> Thanks Andreas.

From me too :-)

Vincent

>
> Il 14 febbraio 2018 21:29:41 CET, Andreas Neumann <[hidden email]>
> ha scritto:
>
>     Hi Denis,
>
>     The voting was controversial. I know that more people voted for the
>     Github solution - strictly spoken this would mean that you could go
>     ahead with migration to github. But the fact that so many people
>     felt uncomfortable with moving to github - esp. in the light that it
>     hasn't been shown by a test migration that issue tracking in github
>     is really feasibly for that many tickets - I think that we shouldn't
>     move to github yet.
>
>     Personally, I don't understand the rush anyway. Shouldn't we
>     concentrate on the work around releasing QGIS 3 first and then when
>     there are more resources available - first do a test migration and
>     see if it is feasible to:
>
>     a) keep the history
>
>     b) show that tagging as the only way for structuring tickets is
>     really feasible
>
>     Then we can still decide if we want to move to github or not. And
>     finally, there are concerns that github is not a "free" platform.
>     Neither Open Source not it was proven that tickets could be exported
>     from Github properly, if we'd have to.
>
>     Please also note that both Richard and Jürgen invested quite a bit
>     of time to upgrade Redmine and move to its own separate virtual
>     machine. The current Redmine works both fast and stable and most
>     people did not complain that it is hard to use. So not really a
>     reason to rush away from Redmine.
>
>     Greetings,
>
>     Andreas
>
>
>     On 14.02.2018 18:48, Denis Rouzaud wrote:
>>     Dear PSC,
>>
>>     On the minutes of last PSC meeting, a "proposition to respond" was
>>     accepted, but if I'm correct there were no resonse yet.
>>
>>     Shall we take what is written in the minutes as the decision? Or
>>     shall we wait for a communication from your side ?
>>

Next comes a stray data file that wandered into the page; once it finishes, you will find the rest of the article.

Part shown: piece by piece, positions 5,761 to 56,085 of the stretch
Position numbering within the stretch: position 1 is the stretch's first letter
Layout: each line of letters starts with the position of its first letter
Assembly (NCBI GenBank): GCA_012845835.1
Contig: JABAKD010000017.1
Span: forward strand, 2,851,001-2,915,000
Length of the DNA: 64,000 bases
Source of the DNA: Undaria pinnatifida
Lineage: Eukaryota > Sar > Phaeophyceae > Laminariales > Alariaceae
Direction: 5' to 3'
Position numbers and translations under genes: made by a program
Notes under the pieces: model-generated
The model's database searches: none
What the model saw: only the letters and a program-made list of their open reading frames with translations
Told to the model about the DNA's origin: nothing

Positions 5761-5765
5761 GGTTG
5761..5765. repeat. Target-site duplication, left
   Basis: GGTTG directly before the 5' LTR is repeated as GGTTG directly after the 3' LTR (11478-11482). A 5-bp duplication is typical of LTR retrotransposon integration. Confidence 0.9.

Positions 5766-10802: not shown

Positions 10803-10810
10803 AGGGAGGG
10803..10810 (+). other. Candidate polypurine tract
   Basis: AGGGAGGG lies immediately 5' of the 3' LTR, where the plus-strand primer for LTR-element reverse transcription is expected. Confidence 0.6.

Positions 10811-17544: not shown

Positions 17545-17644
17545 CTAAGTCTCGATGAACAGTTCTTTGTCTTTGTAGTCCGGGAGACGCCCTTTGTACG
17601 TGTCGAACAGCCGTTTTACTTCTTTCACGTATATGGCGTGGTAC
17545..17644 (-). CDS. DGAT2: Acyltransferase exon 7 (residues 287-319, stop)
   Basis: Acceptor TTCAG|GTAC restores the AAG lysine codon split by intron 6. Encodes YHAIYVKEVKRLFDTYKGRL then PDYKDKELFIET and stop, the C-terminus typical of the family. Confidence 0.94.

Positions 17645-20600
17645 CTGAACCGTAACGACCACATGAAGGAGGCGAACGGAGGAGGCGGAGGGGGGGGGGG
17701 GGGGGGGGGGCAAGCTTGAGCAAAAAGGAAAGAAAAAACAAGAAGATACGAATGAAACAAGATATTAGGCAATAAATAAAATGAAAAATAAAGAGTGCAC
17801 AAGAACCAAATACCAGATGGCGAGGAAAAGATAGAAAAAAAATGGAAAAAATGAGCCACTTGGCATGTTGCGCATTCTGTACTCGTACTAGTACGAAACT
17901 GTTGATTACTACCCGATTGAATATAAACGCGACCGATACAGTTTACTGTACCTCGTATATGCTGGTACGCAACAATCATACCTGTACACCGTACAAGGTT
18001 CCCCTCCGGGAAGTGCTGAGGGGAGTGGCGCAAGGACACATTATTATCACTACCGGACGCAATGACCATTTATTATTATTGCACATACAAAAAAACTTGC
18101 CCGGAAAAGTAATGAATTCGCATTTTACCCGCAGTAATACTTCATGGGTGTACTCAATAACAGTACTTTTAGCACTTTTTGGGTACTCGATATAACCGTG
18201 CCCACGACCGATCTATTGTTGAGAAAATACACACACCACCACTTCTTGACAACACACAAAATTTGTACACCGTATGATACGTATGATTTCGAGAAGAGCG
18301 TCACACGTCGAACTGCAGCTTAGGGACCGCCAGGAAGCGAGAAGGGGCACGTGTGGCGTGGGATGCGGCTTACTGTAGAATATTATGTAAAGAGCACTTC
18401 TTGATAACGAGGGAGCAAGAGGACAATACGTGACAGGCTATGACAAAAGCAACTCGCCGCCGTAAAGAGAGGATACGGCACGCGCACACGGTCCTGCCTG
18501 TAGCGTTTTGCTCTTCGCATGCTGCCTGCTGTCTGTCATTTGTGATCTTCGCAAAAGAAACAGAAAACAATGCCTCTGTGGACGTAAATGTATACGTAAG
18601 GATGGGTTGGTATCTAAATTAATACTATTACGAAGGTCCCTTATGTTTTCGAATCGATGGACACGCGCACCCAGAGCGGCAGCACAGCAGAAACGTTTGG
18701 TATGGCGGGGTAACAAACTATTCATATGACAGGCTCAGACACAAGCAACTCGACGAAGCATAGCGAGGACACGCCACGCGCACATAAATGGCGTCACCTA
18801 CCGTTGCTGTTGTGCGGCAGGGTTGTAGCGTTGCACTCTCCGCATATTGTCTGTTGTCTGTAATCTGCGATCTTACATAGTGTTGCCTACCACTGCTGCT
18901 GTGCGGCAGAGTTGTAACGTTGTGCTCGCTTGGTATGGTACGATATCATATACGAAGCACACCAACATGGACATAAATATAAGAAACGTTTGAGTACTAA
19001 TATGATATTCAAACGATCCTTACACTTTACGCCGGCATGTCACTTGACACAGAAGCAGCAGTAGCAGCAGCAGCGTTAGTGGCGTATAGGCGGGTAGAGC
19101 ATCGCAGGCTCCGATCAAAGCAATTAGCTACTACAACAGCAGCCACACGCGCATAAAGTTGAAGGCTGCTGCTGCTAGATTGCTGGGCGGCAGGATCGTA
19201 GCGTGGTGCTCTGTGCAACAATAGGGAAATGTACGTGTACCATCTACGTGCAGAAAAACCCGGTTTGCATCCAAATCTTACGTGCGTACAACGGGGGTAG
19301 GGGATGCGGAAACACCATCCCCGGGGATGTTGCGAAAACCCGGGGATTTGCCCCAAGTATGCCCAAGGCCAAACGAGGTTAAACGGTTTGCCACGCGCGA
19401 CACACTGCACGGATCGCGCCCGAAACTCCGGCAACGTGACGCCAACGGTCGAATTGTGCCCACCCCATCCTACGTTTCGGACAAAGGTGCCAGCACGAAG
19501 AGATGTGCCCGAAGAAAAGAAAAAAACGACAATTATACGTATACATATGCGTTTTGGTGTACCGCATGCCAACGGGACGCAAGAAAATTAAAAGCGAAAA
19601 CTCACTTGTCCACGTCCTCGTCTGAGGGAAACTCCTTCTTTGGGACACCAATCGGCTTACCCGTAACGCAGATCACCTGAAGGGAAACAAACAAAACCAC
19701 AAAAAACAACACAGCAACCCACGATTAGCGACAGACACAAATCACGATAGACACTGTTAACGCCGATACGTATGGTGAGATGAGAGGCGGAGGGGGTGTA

>>     Thanks for letting us know as the accepted decision from the vote
>>     was to move to github before the release of 3.0...
>>
>>     Cheers,
>>     Denis
>>
>>
>>     _______________________________________________
>>     Qgis-psc mailing list
>>     [hidden email]
>>     https://lists.osgeo.org/mailman/listinfo/qgis-psc
>
>
> --
> Sorry for being short
>
>
> _______________________________________________
> Qgis-psc mailing list
> [hidden email]
> https://lists.osgeo.org/mailman/listinfo/qgis-psc
>

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Re: Migration to Github

3nids
In reply to this post by Tim Sutton-6
Hi all,

Thanks you all for your detailed answers.

My mail was kind of a poke, because there was a lot of energy (again) put into discussions, and I think it is not fair that the discussion and the vote get no followup without notice.

The participatition rate to the vote (larger than usual) and the results are quite clear to me. People are conscient of what they have been voting for and of the implications. That's why I was requesting an official status from the PSC. And not just minutes saying there would be an answer.

Andreas, to me offering a new issue tracker is also part of releasing 3.0 (new logo, new Python doc website, etc). So too me, this is the perfect moment to focus on this too. To me, I concede.

On practical points, proof of concept was achieved by Matthias (and some others) and showed all of this is possible except attributing comments to the original author...bummer ;).

Now, I can understand you want to get this discussion in Madeira. It makes a lot of sense. Sadly, I won't attend the meeting, but I would be very grateful if I can attend remotely.